uchihaclanaus:

Izuna overused the mangekyo sharingan and went blind before Madara did, so Madara gave him his eyes. But because he’s Madara, he doesn’t die like Izuna did. As a result, Izuna feels too guilty to object when Madara accepts the treaty with the Senju clan.

Hashirama then spends the rest of his life dragging his blind bestfriend around describing what the village looks like while Madara’s shadow follows after then hissing at the Senju whenever his nii-san stumbles on something.

Being a woman is kind of like being a cyclist in a city where all the cars represent men. You’re supposed to be able to share the road equally with cars, but that’s not how it works. The roads are built for cars and you spend a great deal of physical and mental energy being defensive and trying not to get hurt. Some of the cars WANT you to get hurt. They think you don’t have any place on the road at all. And if you do get hurt by a car, everyone makes excuses that it’s your fault.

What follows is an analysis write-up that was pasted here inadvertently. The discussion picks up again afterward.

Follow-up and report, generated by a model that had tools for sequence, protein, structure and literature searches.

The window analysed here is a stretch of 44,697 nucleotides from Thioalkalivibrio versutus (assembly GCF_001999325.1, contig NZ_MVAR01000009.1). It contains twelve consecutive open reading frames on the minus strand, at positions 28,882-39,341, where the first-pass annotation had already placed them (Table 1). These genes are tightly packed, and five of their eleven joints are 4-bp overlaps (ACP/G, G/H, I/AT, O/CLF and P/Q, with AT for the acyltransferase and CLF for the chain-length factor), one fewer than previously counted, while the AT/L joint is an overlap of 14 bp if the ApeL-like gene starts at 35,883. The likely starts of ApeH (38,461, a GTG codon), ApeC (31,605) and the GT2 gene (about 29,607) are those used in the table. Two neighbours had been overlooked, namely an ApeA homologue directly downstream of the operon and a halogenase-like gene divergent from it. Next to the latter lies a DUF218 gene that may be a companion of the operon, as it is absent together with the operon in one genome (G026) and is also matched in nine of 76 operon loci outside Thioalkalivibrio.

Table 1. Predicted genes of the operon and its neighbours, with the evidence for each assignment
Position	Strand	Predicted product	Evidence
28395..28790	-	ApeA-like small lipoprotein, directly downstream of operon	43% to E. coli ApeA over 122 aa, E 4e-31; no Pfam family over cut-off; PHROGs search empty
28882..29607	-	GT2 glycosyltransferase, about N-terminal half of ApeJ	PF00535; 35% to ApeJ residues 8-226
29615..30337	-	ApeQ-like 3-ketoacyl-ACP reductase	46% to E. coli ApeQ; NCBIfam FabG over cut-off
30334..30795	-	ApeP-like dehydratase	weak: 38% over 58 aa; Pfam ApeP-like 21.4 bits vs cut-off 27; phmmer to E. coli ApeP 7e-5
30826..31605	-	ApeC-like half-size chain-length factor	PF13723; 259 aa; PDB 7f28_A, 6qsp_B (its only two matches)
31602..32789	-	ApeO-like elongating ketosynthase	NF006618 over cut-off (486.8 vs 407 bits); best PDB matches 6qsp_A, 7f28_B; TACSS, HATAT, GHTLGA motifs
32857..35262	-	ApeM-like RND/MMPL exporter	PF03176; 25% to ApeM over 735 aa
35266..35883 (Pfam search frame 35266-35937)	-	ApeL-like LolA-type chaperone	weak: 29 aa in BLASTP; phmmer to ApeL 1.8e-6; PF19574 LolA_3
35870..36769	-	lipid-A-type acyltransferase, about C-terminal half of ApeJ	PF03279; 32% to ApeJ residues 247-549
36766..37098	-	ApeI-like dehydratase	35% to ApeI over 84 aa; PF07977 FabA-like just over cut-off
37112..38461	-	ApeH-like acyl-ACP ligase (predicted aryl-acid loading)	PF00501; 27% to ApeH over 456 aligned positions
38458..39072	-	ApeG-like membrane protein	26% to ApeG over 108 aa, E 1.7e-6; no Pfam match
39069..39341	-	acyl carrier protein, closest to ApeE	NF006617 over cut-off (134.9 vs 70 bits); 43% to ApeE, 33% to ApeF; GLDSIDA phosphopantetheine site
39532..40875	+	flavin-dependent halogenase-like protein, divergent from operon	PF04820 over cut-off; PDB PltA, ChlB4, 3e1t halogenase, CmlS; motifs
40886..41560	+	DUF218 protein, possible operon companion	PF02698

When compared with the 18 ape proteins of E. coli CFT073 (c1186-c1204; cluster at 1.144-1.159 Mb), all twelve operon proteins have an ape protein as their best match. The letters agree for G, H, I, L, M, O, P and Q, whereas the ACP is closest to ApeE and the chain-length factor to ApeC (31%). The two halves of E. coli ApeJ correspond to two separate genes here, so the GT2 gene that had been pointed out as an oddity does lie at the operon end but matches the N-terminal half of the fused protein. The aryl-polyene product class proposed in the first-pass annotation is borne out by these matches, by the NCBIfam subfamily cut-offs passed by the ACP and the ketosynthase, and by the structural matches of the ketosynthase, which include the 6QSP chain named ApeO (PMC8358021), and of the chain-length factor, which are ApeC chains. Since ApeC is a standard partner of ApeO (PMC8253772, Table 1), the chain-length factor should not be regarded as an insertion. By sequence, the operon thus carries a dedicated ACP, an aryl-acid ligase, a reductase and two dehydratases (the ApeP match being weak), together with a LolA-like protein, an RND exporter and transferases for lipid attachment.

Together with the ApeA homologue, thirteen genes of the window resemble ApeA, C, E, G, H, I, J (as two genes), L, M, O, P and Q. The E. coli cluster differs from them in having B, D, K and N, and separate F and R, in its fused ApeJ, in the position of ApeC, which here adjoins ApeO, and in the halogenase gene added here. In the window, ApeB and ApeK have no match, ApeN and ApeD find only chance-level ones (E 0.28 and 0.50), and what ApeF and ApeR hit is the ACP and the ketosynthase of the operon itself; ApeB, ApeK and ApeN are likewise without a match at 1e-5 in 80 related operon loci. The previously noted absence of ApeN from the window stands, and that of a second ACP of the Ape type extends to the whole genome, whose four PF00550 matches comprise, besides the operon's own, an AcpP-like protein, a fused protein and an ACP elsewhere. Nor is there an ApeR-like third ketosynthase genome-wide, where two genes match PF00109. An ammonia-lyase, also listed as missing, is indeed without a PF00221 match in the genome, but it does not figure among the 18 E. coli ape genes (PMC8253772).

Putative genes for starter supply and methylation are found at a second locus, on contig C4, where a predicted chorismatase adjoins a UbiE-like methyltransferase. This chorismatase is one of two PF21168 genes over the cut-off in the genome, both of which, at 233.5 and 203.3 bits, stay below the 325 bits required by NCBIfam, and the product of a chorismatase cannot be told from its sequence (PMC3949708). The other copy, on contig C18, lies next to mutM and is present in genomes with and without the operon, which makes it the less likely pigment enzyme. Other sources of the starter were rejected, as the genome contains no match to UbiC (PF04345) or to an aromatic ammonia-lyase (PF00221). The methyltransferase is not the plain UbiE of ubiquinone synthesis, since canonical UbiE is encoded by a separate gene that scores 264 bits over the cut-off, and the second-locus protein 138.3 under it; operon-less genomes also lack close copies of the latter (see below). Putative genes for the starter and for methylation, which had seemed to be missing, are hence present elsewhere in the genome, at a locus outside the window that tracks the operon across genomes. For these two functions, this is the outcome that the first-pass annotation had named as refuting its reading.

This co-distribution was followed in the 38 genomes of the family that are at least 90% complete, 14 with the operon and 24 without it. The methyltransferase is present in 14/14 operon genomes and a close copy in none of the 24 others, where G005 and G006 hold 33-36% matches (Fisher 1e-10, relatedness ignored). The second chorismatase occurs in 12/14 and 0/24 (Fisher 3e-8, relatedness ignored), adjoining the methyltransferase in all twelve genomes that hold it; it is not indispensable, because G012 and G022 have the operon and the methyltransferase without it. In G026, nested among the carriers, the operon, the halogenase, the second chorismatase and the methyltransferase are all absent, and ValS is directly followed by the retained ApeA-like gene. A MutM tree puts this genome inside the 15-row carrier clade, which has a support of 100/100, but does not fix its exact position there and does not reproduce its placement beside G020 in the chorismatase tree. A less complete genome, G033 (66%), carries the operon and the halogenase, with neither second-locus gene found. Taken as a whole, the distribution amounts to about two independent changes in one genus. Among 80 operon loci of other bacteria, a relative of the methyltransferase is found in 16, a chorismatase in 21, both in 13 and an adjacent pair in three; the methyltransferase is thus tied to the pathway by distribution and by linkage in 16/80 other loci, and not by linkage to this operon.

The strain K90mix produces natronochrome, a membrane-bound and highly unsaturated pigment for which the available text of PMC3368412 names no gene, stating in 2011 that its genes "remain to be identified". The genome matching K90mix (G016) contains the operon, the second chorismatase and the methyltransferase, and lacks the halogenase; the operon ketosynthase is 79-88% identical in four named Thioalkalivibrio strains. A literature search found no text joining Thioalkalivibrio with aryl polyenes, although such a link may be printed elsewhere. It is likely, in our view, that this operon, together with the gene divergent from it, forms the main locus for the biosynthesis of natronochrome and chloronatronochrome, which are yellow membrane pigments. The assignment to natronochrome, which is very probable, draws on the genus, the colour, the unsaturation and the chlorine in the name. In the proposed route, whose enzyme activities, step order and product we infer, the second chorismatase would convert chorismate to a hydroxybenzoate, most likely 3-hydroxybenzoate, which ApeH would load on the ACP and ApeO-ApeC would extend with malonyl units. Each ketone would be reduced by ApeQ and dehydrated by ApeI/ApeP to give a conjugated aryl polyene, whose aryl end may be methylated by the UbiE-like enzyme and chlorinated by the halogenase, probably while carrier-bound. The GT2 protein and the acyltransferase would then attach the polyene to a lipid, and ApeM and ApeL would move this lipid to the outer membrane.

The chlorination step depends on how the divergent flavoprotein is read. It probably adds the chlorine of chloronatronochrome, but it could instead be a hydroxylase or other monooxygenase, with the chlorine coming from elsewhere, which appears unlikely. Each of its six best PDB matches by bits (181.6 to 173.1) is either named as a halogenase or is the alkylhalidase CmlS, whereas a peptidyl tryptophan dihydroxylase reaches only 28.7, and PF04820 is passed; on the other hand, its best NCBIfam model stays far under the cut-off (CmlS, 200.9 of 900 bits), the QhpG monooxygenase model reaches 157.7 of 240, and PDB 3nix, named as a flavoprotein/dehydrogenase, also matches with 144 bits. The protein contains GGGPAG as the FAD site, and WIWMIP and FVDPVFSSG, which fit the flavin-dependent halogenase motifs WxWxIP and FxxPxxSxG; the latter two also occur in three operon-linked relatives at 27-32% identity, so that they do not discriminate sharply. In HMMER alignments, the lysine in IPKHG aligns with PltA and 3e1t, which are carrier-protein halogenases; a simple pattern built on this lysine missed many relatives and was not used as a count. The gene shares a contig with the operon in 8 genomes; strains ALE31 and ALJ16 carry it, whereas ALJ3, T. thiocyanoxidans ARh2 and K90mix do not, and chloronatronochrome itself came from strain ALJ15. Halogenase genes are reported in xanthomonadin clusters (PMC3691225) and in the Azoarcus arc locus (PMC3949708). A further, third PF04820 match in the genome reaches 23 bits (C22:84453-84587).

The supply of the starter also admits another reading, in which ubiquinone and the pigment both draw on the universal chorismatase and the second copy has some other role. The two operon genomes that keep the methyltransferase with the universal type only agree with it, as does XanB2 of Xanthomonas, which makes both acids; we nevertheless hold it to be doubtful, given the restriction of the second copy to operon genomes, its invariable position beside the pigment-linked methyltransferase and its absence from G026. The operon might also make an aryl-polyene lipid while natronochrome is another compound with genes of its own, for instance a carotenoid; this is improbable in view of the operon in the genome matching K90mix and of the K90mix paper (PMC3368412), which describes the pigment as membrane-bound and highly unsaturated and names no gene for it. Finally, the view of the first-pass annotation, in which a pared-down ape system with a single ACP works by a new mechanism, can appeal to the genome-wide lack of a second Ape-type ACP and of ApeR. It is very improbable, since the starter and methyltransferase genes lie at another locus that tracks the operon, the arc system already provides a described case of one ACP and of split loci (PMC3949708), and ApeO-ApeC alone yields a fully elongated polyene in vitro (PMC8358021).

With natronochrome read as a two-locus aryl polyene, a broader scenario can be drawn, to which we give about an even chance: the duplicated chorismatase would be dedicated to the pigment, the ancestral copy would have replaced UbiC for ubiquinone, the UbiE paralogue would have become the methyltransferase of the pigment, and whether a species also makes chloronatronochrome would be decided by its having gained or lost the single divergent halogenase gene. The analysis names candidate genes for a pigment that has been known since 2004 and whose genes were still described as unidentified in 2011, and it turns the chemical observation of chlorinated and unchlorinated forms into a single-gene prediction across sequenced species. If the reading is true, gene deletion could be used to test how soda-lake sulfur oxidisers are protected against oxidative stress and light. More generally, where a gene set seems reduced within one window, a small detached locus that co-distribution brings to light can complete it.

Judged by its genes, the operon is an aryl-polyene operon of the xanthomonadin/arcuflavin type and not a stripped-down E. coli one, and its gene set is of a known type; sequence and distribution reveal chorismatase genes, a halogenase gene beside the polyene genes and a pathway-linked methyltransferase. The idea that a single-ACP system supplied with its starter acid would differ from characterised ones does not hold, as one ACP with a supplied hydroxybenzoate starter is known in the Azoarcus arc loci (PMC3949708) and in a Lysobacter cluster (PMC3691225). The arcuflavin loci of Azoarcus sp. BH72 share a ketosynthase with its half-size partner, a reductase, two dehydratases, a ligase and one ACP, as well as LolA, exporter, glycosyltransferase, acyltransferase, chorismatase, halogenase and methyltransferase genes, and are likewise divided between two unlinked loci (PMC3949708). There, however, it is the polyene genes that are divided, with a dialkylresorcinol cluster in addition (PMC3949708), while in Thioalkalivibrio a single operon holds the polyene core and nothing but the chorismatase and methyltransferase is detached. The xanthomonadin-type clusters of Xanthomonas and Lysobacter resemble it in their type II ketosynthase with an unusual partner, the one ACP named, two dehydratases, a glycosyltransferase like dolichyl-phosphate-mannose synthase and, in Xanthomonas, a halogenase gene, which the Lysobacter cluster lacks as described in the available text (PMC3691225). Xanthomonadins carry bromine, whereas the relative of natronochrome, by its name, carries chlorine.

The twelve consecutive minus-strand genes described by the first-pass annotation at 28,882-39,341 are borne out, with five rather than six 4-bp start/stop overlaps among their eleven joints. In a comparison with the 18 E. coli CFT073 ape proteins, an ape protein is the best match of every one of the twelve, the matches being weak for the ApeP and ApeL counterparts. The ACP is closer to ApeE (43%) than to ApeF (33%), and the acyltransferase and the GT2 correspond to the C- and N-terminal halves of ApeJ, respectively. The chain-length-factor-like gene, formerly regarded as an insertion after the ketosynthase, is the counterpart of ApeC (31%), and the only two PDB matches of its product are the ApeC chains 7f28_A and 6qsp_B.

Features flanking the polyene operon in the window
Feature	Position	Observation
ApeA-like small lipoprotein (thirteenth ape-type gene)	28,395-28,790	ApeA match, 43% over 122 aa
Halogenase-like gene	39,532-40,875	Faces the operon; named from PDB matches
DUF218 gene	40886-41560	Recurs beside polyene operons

A friend of a friend (via hotyolk)

(via royalfood)

wizzard890:

xshruglife:



“Everything in the world is about sex except sex. Sex is about power.”  Oscar Wilde


Forever reblog

This gif’s widespread use as shorthand for the concept of ~weaponized femininity~ has always bothered me, and I’ve never understood why it’s become so popular. I mean, sure, at first brush, it seems obvious: here is a studiedly beautiful woman who, with the simple gesture of placing a cigarette between her lips, has dozens of men wrapped around her finger, vying for her favor. But just take a minute here and look at her face. She’s not reveling in this, you get the feeling that she didn’t even expect it, this woman is upset and overwhelmed by the amount of male attention she’s getting.
Because this is a pivotal moment in a movie about a woman who is forced into prostitution.